On Thu, Apr 17, 2008 at 11:15 AM, Josh Zhao <[EMAIL PROTECTED]> wrote:
>
>
> Hi ,
>   After reading Xenomai code, I have some questions:

This is the wrong list to ask them. This answer is the last I will
make to you on this list for Xenomai questions.

>   1.    usespace--> rt_task_create  -->pthread_create-->__native_task_create
>       So why xenomai use pthread  to invoke __native_task_create ?

pthread_create creates a Linux thread, __native_task_create creates
the Xenomai thread (sometimes called shadow thread) associated with
Linux thread. The association happens in xnshadow_map.

>
>    2.   usespace-->rt_task_start(RT_TASK *task, void (*entry) (void
> *cookie), void *cookie)-->
>    kernel space --> __rt_task_start(struct task_struct *curr, struct pt_regs
> *regs)-->
> rt_task_start(task,
>                   (void (*)(void *))__xn_reg_arg2(regs),
>                  (void *)__xn_reg_arg3(regs));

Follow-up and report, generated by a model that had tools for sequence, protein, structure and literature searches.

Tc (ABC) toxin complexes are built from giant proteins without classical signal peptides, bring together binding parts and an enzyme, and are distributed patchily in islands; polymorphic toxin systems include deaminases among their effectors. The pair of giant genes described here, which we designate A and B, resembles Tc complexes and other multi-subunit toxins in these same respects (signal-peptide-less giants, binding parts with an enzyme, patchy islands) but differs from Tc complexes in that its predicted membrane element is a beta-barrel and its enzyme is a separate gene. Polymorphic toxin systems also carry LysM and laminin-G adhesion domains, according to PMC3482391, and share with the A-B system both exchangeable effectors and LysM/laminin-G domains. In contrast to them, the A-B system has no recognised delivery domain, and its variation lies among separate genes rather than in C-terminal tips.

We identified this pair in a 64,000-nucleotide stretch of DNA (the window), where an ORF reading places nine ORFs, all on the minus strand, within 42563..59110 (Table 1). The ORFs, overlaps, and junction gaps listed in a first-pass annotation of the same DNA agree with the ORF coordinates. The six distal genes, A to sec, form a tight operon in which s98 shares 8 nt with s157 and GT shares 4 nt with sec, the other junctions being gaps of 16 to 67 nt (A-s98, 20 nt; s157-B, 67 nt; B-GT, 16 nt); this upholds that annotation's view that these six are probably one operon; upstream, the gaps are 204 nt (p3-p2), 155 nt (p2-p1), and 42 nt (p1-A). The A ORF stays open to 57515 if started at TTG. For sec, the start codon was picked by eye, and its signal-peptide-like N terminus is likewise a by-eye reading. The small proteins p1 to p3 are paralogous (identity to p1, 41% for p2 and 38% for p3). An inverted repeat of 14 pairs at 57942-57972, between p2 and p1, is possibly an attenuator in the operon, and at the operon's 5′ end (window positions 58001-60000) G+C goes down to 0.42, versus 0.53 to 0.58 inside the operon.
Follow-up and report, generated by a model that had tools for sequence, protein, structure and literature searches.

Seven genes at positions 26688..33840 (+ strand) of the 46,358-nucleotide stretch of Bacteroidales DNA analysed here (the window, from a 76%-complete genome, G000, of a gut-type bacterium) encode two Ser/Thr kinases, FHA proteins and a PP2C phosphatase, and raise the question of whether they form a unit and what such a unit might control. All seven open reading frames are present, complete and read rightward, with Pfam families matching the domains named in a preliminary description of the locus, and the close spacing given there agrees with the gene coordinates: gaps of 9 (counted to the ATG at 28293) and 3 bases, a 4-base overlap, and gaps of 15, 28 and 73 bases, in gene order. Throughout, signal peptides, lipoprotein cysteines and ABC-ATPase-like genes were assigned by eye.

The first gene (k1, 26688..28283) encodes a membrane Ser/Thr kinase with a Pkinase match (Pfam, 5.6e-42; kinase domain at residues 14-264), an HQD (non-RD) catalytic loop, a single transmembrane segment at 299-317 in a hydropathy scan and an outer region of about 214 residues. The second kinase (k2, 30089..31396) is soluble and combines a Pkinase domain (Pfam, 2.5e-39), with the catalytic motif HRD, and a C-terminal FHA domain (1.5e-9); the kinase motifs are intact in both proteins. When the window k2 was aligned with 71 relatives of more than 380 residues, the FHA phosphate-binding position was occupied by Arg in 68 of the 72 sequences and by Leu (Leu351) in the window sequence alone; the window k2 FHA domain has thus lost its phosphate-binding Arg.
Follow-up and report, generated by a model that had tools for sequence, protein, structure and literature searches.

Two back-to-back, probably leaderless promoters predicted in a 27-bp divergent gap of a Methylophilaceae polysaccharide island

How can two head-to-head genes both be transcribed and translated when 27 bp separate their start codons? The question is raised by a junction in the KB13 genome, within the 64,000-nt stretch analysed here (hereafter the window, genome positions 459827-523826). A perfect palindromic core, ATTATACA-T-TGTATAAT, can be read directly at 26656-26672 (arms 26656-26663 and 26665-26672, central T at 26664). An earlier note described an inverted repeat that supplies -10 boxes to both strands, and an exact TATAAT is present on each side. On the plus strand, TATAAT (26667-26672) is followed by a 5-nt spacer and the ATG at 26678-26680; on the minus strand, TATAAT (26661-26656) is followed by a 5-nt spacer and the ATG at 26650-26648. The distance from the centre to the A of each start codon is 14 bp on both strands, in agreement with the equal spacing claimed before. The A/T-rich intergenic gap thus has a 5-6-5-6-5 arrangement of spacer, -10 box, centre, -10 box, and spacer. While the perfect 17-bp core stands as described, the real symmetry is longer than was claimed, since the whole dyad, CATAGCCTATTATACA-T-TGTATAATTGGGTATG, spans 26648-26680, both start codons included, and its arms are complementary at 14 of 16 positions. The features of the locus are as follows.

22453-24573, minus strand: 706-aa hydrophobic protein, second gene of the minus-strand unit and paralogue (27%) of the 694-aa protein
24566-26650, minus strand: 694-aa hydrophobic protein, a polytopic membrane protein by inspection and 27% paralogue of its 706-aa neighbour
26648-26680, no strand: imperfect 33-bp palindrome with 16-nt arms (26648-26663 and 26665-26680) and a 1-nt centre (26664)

>
>
>      I can't understand that the entry paramter is address of function in
> user space ,why it can be passed into kernel space by syscall?

Well... why not ? It is not used in kernel-space, but passed again to
user-space by xnshadow_wait_barrier.

>
> 3.   the xnthread_t struct and  pod  sechedule algorithm looks very complex,
> is there any papers taking about it?

Every member of the xnthread_t structure is commented in
include/nucleus/thread.h. The pod schedule algorithm is not that
complicated: the scheduler priority queue is maintained by other
functions (essentially xnpod_suspend and xnpod_resume), xnpod_schedule
extracts the higher priority thread that is ready for the longest time
and compares it with the current thread. If they are different, it
switches to this new thread. That's all. I find xnpod_suspend for
instance much more complicated.

-- 
 Gilles

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